In a recent magazine interview 50 Shades of Grey star Dakota Johnson said some… inadvisable things about her journey with mental health.
‘I’ve learned to find [depression] beautiful because I feel the world,’ she revealed.
As someone who lives with depression, anxiety and trauma, I don’t think I can successfully deconstruct this mess of a sentence – but I’ll give it a go.
Like many 20-somethings, I grew up on teen TV drama Skins and like many other girls I was desperate to be Effie Stonum. Not only was she drop dead beautiful, but she was the type of mentally ill that was part of a romantic narrative.
She was damaged but people wanted to rescue her. Her sadness spilled out of her in Tumblr-esque quotes while one perfect tear rolled down her perfect peach-fuzz skin.
She was the manic pixie dream girl of my generation. (See also: Ramona Flowers from Scott Pilgrim Vs The World, Sam Feehan in Garden State or Summer from 500 Days of Summer – or almost any character played by Zoe Deschanel for that matter).
Beautiful women who are wild, deep, untamed but obtainable.
I spent much of my teenage years desperate to emulate these women.
I wanted my depression to have a simple, more poetic outlet. I wanted it to be a simple fix that could be wrapped up within 180 minutes, or a series of episodes.
I was hyper aware of all of the destructive and ‘unattractive’ ways that my mental health presented and the journey to the other side seemed hard, and at times impossible.
I was desperate to have someone see what I couldn’t, and, like these beautiful women on my TV screen, sweep me up and just deal with it.
But the reality was I was no manic pixie dream girl. I was a depressed goblin nightmare child and I blamed myself.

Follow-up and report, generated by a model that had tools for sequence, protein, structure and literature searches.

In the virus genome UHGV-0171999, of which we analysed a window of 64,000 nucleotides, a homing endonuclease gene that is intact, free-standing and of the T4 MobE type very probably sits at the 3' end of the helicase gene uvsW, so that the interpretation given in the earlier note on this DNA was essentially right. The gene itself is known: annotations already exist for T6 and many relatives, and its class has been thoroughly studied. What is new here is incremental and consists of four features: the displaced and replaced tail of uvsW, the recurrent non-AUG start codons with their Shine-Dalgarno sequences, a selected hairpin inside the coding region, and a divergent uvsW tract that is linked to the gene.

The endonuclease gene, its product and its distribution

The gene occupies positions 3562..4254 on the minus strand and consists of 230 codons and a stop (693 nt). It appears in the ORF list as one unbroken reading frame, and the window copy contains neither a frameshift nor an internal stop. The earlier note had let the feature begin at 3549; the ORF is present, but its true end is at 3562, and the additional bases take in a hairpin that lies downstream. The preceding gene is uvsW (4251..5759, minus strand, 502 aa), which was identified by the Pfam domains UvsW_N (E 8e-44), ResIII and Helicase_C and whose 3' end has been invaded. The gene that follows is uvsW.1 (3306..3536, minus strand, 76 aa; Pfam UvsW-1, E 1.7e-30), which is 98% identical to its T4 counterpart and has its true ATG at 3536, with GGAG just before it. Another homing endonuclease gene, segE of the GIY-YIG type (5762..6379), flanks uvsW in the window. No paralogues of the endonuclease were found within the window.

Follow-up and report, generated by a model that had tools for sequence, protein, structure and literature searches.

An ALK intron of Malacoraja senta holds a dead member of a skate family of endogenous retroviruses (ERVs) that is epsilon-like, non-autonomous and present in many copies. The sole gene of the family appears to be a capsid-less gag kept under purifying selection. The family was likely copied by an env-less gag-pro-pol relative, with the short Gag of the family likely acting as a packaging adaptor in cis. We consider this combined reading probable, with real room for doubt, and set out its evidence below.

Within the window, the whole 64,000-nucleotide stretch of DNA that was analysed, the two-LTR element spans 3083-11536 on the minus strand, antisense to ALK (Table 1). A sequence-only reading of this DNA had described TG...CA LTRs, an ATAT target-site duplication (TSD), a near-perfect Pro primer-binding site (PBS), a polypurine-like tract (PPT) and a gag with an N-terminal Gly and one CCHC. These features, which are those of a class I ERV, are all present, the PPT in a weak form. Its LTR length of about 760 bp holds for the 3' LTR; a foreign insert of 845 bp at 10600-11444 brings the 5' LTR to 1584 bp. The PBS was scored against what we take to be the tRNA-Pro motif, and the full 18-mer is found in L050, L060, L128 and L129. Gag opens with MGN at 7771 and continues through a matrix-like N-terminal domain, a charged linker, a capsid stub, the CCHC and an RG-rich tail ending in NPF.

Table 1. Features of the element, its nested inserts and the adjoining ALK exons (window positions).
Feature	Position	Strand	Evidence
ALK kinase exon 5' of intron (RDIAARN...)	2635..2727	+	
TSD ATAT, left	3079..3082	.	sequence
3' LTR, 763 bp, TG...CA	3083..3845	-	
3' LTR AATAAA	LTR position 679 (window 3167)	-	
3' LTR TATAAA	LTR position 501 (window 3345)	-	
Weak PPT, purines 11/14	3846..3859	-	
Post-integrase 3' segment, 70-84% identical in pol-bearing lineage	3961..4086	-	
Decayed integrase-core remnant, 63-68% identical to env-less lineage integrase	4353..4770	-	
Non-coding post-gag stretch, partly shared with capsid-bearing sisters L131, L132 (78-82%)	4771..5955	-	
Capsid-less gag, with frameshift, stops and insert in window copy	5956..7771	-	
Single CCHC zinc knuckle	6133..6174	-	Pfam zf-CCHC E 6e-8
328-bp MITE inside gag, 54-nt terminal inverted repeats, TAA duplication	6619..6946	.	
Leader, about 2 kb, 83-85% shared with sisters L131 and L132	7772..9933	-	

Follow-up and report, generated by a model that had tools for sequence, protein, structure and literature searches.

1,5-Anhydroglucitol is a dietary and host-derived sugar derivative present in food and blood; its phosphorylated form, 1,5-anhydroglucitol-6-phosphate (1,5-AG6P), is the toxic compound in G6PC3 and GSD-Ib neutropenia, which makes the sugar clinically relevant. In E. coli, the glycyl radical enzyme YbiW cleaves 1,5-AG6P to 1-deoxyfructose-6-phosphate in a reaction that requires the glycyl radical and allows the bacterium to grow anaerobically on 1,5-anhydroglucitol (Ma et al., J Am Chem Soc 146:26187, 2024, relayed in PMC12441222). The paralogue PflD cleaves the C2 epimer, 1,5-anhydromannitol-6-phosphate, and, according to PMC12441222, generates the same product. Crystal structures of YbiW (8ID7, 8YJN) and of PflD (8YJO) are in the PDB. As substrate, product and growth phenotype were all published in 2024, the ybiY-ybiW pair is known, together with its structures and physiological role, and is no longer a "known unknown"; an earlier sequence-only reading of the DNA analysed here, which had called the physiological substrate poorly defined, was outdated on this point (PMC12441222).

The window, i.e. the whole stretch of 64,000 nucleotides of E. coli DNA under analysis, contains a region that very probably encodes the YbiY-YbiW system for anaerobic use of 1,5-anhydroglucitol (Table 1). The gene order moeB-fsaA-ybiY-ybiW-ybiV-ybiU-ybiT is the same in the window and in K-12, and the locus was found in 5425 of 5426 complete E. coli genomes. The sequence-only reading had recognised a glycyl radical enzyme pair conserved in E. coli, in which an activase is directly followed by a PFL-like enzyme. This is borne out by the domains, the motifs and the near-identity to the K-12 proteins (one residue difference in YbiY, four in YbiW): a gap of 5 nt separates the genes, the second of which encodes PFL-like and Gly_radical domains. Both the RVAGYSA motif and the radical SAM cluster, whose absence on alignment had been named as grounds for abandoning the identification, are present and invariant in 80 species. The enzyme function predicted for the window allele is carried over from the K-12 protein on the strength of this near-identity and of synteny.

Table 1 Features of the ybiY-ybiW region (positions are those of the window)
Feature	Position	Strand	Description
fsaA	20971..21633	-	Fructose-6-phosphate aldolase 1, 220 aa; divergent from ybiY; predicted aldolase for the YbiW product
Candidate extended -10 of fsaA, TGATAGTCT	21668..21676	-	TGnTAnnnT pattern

If these indie-culture icons could be beautiful while struggling with depression, suicidal thoughts and manic behaviour – why couldn’t I?
My mental health was not something that could be put to some epic soundtrack, unless the songs consisted of accordions, bagpipes and old nursery rhymes played at the wrong RPM.
When it got bad there were days and weeks where I couldn’t get out of bed to shower. I couldn’t brush my teeth. My clothes went unwashed, and my room truly was a ‘scary, hoarder nightmare pit’ (quote supplied by a former housemate).
My compulsive emotional eating made my skin greasy and full of breakouts. The lack of vegetables made me grey and sallow.
My anxiety presents in trichotillomania, which is compulsive hair pulling. At its worst, I had bald spots all along my parting.
Mental health struggles aren’t beautiful. But they aren’t ugly either. They just are.
Like my box-dyed auburn hair, my fingernails and my elbows, they are a part of my biological make up but they aren’t a quantifiable feature.
In her interview, Johnson also spoke about her mental health in relation to her relationships. ‘I guess I have a lot of complexities, but they don’t pour out of me,’ she explained. ‘I don’t make it anyone else’s problem.’
Now, I don’t have a PhD in psychology, but to me, this feels like some victim-blamey s**t.
This is also a feature you often find in the manic pixie dream girl of yesteryear. Obvious mental fragility, but an unwillingness to trouble a man with it.
It’s like it’s desirable to be weak, but non-burdening.
If your partner can’t support you and your emotions, then you shouldn’t be with them, it’s as simple as that.
Besides, shouldn’t we be leaning away from teaching an entire generation of young people that their mental health is a burden?
For many people not making your depression anyone else’s ‘problem’ is the reason that they are no longer with us.
Strength despite circumstances, lasting empathy and understanding, and a willingness to help others. Those are all beautiful things that can come out of mental illness.
But so is knowing when you need help. You wouldn’t avoid seeking help if you had an axe sticking out of your skull. Why shouldn’t you get help for problems that cost almost 7,000 lives a year in the UK alone?
While Johnson has the right to describe her mental health journey in any way she feels, statements like hers reinforce this idea that if you’re not beautiful in your mental health, you are failing and unworthy of help.
And that’s just not true.
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